Article type

by Mike Kenny
presented by New Perspectives Theatre Company, Long Clawson Village Hall, Wednesday 18th February 2004

A handful of actors arrive in a village and, with minimal props, perform a play and then move on into the night. A scene which might be familiar to many mummers, I daresay, but in this case it was a professional company. I have seen a number of productions by the New Perspectives Theatre Company [1]. I have never been disappointed. I have on occasion thought how like the players or mummers who performed at nearby Belvoir Castle in the 16th and 17th centuries they might be.

At first sight it might seem odd to have a review of a theatrical play here in Traditional Drama Forum, but the play’s publicity leaflet may explain:

"A timeless new play for the English winter"

"When the new-born child of the big house is pitched into the lives of a small group of villagers one stormy, tragic winters night, an extraordinary tale of courage and friendship is about to unfold for Joan, Marion, Tom, Dick and Harry."

"Inspired by Shakespeare’s winter sonnet and shot through with the magic and mayhem of mumming, Mike Kenny's entrancing new play blends enthralling storytelling and raucous comedy in a funny, touching and quintessentially English retelling of the Cinderella story."

"Truly a treat in store for audiences of all ages."

"The Countryside in Winter - Plough Plays - Mumming - Carols - Winter vegetable stew - Bell ringing - Roast chestnuts -all in a simple love story!"

In the programme, the playwright tells us that the project "gave [him] the opportunity to indulge lots of [his] other enthusiasms – traditional stories, mumming, carols".

A scene from 'When Icicles Hang by the Wall'
A scene from 'When Icicles Hang by the Wall'
(More pics >>)

I can’t add a lot to their own synopsis but I can explain where the mumming comes in. In the first act the mummers are invited to the big house to perform their traditional Recruiting Sergeant play. This is a three-hander with an Old Mother Beelzebub (or some such) starting it off. Then comes the Sergeant as a hobbyhorse rider and Tom as his willing recruit: no Doctor, Lady, Dame Jane etc.. "Real life" then reflects the mummers play and not only Tom but also the son of the big house disappear off to the wars.


In the second act, after some years have elapsed during which the mummers have not performed because of pressure from the parson and Tom’s continued absence at the wars, the mummers are prevailed upon to perform again at the big house. They decide to break with tradition and to perform St George and the Dragon but they can only do so if the women take part. This state of affairs is unheard of but, nevertheless, they go ahead and I hope I’m not spoiling the plot by reporting that Tom returns home in time to play St George. This time the Doctor is called for and it was all I could do to restrain two of Belvoir Mummers’ Doctors from leaping to their feet. The real Doctor arrives and with some inventive twists goes through the usual routine to the delight of the capacity audience. There wasn’t a gag there you haven’t heard, but to most of the audience it was new: they never bother to turn out and watch us on Plough Monday! The Dragon costume, in particular, showed all the usual inventiveness of mummers with much use made of kitchen utensils, and St George made good use of a "traditional" toilet seat shield: Mike Kenny’s enthusiasm for mumming clearly extends to good observation. It would not surprise me to learn that his enthusiasm extends to participation.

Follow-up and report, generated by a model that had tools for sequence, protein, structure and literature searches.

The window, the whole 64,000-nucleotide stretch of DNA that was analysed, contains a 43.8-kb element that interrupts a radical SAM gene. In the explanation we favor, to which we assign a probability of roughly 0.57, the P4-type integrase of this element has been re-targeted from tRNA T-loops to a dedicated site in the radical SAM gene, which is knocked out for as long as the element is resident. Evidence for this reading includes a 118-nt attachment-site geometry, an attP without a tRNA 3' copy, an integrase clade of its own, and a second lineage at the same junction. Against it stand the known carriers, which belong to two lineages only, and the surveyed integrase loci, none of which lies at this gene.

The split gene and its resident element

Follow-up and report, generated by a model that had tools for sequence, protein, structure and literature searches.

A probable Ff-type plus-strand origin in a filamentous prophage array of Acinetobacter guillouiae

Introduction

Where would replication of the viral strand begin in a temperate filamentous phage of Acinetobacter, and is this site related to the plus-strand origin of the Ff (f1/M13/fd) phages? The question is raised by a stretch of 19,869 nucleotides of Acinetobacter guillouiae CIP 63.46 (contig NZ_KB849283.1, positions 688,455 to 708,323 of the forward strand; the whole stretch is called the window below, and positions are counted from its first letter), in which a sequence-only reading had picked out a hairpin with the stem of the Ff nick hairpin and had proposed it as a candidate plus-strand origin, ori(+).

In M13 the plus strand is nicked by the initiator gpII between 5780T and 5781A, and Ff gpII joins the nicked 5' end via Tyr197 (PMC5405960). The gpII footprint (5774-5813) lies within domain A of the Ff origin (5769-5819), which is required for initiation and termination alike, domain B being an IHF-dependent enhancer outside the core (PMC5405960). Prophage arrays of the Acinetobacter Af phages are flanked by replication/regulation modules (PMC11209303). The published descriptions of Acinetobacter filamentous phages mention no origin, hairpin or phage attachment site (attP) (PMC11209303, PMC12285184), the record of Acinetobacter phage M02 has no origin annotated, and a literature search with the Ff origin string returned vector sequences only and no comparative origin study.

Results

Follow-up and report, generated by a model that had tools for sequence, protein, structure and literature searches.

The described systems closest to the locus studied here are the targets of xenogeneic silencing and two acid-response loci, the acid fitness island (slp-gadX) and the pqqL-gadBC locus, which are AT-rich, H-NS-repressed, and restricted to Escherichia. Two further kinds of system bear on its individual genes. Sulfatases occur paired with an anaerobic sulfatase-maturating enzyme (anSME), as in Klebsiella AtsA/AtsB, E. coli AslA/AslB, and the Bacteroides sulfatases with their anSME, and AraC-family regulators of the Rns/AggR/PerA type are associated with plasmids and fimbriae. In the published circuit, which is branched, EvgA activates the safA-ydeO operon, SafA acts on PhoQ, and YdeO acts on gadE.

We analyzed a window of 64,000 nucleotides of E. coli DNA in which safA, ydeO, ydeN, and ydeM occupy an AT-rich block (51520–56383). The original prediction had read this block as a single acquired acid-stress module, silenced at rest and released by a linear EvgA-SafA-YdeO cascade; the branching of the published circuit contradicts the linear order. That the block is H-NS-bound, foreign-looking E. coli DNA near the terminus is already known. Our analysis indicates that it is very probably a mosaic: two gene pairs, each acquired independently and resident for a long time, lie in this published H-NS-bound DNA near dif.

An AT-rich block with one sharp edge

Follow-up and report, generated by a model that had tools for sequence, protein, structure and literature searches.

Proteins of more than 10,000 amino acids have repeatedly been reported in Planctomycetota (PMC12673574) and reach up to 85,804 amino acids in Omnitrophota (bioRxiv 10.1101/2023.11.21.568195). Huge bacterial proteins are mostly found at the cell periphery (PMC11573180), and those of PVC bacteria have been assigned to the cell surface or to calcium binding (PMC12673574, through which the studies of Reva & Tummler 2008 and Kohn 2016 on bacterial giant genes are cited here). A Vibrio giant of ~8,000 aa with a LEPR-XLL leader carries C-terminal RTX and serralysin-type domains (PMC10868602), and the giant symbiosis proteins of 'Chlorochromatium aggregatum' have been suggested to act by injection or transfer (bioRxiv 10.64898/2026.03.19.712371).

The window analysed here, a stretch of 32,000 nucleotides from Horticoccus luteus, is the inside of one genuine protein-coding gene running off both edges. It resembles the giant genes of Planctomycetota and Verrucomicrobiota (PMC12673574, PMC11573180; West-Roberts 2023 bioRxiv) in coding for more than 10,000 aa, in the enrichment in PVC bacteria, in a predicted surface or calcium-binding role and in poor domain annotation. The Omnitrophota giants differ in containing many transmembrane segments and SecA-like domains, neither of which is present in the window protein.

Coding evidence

Having recently read Duncan Broomhead’s [2] paper on the importance of families as both performers and patrons I was particularly struck by the way the author, wittingly or not, had lit upon this aspect and on how the attitude of just one member of the family of patrons could influence the history of performance.

One crowd-pleasing moment captures that rapport that should exist between mummers and audience. The family at the big house suddenly become aware of the sound of the approaching mummers and someone declares something like "It’s the mummers coming up the drive". There is a second’s stillness as the cast realises that they all need to be somewhere else in different costume as different characters. "The mummers!" they exclaim as they hurriedly disappear behind the set with comments along the lines of "Do you think they’ll notice?" referring to the audience.

Eventually all live relatively happily ever after.

There you have it then, five players taking on something like 15 parts and a thoroughly sympathetic portrayal of mumming. The eight known mummers in the audience were all impressed, though it was acknowledged that the professionals might actually have rehearsed – surely the point at which art and tradition do digress!

New Perspectives’ winter tour with this production finished at the end of February 2004 but if it is revived in the future in your village hall don’t miss it.

Steve Tunnicliff
Belvoir Mummers


  1. New Perspectives Theatre Company (2003-2004) Future Productions: When Icicles Hang by the Wall: 10th December 2003 - 28th February 2004
    Internet URL:, Accessed 6th March 2004

  2. Broomhead,D. (2003) The Alderley Mummers’ Play: a story of survival and revival
    in: Folk Drama Studies Today ed. by Cass.E & Millington,P.
    Sheffield, Traditional Drama Research Group, 2003, pp.7-22